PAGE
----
One of my goals for 2017 was to read more chemistry non-fiction. I accomplished that with three and a half books read. That doesn't seem like much, but given how busy I've been lately it was quite an accomplishment! I offer a brief review of my most recent book here, "The Alchemy of Air" by Thomas Hager.
I recently watched a video in which a chemist (who goes by the nickname “NurdRage”) activated a chemiluminescent reaction by vapor deposition. I wanted to try it out for myself! Unfortunately, oxalyl chloride is toxic, corrosive, and a lachrymator. Thus, the experiment conducted by NurdRage needs to be conducted in a hood, and it is not particularly amenable to simple presentations. I began to wonder how I could create this vapor activated chemiluminescence using simple materials.
In one of my last blog posts I wrote of how I sometimes enjoy ending a unit with a series of demonstrations and using them to elicit a dialog between the students and myself to check for understanding. It is always a fascinating experience to hear the misconceptions that many students have the day before the test.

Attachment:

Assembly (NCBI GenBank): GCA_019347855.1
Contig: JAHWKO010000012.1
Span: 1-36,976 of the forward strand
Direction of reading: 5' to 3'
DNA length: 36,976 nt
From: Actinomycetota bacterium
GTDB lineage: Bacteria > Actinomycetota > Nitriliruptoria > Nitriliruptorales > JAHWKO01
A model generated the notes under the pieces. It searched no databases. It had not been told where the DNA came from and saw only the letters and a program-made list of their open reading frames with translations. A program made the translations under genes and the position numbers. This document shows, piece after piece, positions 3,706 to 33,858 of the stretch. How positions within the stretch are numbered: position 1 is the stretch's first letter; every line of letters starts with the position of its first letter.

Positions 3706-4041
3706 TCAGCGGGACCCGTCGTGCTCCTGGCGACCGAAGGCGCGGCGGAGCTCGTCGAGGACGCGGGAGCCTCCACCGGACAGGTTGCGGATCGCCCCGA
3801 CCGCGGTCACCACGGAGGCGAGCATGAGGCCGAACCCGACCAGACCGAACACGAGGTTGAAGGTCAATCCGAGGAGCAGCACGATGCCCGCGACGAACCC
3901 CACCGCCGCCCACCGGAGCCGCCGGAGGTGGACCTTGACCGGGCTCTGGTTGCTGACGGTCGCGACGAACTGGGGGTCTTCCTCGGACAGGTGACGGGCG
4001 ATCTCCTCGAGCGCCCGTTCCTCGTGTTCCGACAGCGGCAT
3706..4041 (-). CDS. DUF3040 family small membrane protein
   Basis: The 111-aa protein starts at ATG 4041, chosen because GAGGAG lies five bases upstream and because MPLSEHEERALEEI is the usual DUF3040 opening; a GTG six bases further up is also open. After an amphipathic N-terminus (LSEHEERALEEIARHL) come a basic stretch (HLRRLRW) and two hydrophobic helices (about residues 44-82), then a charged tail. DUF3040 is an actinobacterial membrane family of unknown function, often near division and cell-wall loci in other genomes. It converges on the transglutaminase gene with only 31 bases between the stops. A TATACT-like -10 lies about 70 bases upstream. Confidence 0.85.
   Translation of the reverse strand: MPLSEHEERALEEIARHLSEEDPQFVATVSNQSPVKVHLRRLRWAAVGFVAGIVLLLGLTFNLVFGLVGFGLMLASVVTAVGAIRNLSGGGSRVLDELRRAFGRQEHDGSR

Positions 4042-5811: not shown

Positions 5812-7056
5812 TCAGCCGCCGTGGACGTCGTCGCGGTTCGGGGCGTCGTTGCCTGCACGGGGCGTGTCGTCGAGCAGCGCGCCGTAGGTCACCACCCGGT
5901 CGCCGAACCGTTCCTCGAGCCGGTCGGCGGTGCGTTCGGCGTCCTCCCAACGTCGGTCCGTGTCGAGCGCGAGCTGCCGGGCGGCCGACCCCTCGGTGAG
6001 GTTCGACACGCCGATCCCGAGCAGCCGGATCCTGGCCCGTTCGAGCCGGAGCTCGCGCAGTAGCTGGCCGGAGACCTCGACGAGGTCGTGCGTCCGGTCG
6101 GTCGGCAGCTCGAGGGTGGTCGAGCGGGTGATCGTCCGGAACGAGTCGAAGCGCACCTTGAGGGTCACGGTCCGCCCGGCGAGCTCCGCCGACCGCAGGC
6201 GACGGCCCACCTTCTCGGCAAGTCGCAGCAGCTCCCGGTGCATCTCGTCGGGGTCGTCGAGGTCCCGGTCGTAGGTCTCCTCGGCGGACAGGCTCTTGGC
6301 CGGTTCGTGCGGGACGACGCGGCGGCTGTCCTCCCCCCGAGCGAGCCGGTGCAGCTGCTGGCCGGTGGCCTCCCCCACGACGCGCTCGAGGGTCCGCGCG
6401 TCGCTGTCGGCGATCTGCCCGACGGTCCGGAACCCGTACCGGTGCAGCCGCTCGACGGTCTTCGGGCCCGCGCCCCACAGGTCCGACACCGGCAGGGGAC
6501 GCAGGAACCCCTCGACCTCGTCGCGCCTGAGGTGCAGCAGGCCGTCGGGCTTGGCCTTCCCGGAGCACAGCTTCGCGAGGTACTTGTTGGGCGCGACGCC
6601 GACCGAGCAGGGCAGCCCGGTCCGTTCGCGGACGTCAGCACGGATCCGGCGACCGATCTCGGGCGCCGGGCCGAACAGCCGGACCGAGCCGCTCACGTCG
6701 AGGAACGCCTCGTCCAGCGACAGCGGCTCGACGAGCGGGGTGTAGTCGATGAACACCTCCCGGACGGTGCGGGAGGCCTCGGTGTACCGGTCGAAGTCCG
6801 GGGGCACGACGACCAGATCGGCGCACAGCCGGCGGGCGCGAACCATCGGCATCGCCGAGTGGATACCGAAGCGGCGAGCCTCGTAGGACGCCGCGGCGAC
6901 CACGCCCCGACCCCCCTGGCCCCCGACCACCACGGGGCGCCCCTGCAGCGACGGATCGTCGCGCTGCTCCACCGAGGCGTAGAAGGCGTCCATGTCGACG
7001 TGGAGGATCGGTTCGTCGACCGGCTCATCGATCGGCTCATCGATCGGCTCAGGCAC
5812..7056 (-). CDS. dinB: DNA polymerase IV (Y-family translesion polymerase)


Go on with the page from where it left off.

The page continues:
The “Elephant Toothpaste” experiment is a very popular, albeit messy chemistry demonstration. To carry out this experiment, place a 250 mL graduated cylinder on something that you wouldn’t mind getting messy.
Happy New Year! Did you know that 2015 is the International Year of Light (IYL)? IYL is a “global initiative adopted by the United Nations to raise awareness of how optical technologies promote sustainable development and provide solutions to worldwide challenges in energy, education, agriculture, communications and health1”. IYL is sponsored by several organizations with interests in science and science education, including the European Physical Society, the Institute of Physics, the American Physical Society, and the American Institute of Physics. You can find several lesson plans, videos and other educational resources on the IYL website2.
In this Activity, students prepare cyanotype paper and use it to "photograph" different items using sunlight. This Activity demonstrates catalysis of chemical reactions by ultraviolet (UV) light using one of the earliest photographic processes, the cyanotype process. It is useful as an introduction to the damaging effects of UV radiation on living organisms and the role of sunscreens.
When acidic dichromate and iodide solutions are mixed, no immediate reaction takes place. Addition of iron(II) solution brings about rapid formation of brown triiodide.